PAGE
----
This chapter provides an overview of the main drivers of financial globalization, a process characterized by the growing range and depth of financial relations enshrined in a global financial system that supersedes the international state system. What is it about finance that allows its globalization to take place so rapidly and so deeply? We argue that a main answer lies in the inherent capacity of finance to overcome space and time constraints. Finance appears to produce space, yet, co-constitutively, geographic-institutional variegation feeds back into how finance operates in the world. Resultantly, variegated geographies of finance co-evolve to an important extent with pre-existing geographies of knowledge, law, and power. The chapter offers an overview of how financial geographers have studied financial globalization, and the variegation it produces, through the lens of international financial centres, firms, flows, and products. We illustrate these perspectives through the case of post-war European financial integration by narrating how European states have sought ways to benefit from financial globalization. This application of the analytical apparatus to European financial space reveals how financial globalization has been fundamental in deepening uneven development on the continent. The chapter concludes with an urgent plea to give space a central place in future studies of finance.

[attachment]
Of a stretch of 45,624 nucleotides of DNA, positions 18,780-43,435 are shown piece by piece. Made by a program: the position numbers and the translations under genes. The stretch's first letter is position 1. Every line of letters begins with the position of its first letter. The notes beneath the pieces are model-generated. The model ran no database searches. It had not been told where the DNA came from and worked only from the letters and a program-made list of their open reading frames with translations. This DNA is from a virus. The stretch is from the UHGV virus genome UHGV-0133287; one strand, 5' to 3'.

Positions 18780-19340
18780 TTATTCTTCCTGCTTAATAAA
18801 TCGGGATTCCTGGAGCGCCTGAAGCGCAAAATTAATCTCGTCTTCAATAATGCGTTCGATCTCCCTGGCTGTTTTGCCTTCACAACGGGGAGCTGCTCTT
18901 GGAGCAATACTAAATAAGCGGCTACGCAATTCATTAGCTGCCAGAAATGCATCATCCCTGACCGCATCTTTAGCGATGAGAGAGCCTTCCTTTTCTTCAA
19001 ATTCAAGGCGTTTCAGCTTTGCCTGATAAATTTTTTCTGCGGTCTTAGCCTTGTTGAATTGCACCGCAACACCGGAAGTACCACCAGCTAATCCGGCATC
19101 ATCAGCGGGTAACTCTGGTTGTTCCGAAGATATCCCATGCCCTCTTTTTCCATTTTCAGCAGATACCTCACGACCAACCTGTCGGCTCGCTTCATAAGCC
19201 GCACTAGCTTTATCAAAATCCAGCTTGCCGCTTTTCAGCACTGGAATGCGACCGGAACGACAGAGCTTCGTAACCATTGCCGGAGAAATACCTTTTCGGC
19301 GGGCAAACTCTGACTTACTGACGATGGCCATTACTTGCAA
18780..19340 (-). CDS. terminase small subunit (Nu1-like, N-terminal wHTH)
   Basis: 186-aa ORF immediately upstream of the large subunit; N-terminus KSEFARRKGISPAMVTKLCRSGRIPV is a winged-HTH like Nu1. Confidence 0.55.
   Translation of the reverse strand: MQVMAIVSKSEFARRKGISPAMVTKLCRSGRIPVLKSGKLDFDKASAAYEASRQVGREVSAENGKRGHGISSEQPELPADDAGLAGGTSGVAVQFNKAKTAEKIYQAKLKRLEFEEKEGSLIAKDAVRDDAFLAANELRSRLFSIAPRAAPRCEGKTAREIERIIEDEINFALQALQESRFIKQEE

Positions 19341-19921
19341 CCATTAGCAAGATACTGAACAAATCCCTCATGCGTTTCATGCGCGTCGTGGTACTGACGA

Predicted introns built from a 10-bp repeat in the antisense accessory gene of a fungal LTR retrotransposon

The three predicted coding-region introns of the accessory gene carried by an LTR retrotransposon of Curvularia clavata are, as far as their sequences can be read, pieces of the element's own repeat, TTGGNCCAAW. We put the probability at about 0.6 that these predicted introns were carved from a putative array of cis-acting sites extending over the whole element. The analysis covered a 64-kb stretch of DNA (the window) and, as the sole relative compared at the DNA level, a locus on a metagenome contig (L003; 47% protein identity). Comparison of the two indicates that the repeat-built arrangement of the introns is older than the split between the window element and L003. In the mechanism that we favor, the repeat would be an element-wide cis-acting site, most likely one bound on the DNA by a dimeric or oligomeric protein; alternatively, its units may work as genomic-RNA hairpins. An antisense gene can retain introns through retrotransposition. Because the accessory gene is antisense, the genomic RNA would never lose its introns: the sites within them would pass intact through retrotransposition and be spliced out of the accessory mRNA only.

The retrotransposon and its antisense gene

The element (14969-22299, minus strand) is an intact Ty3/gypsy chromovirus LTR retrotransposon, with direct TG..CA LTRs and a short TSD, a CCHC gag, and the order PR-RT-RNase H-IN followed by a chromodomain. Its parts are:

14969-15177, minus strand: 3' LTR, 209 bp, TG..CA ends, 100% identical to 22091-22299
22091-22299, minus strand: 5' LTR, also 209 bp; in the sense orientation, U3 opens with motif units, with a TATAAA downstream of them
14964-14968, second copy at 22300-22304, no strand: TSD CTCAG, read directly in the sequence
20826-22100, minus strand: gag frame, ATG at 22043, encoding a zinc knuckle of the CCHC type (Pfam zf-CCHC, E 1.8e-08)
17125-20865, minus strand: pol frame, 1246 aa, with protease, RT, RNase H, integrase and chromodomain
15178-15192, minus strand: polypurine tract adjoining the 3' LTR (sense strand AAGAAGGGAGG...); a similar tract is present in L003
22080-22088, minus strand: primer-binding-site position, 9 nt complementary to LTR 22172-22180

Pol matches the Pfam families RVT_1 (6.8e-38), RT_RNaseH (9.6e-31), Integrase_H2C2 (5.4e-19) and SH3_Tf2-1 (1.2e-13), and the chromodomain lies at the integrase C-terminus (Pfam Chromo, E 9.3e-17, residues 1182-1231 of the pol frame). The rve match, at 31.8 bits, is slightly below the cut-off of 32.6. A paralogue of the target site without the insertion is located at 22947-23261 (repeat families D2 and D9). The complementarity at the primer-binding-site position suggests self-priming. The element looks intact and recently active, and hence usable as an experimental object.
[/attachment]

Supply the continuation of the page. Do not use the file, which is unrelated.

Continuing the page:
David Bassens and Michiel Van Meeteren
Michiel van Meeteren and David Bassens
This chapter examines the effects of advanced producer services on ABN AMRO’s corporate strategy leading up to the bank’s failure in 2007. Our historical reconstruction reveals how consultancy-inspired narratives about globalization, consolidation and shareholder value structured the bank’s geographies of risk and opportunity. Located in Amsterdam, a second-tier global city, ABN AMRO acted upon interpretations of a worldwide merger and acquisition craze that was framed as ‘the global endgame’. This narrative legitimized shareholder-value-inspired reorganizations and valuation metrics that contributed to the bank’s eventual demise. The chapter shows how multinational corporations, facing shareholder pressure, utilize strategic management consultancy narratives to legitimize their decisions to stakeholders. Yet, the bank’s eventual failure also illustrates the limits to the agency of global city makers such as bankers and consultants as this agency is constrained by credibility in financial markets and wider positionality in a system of financial centres.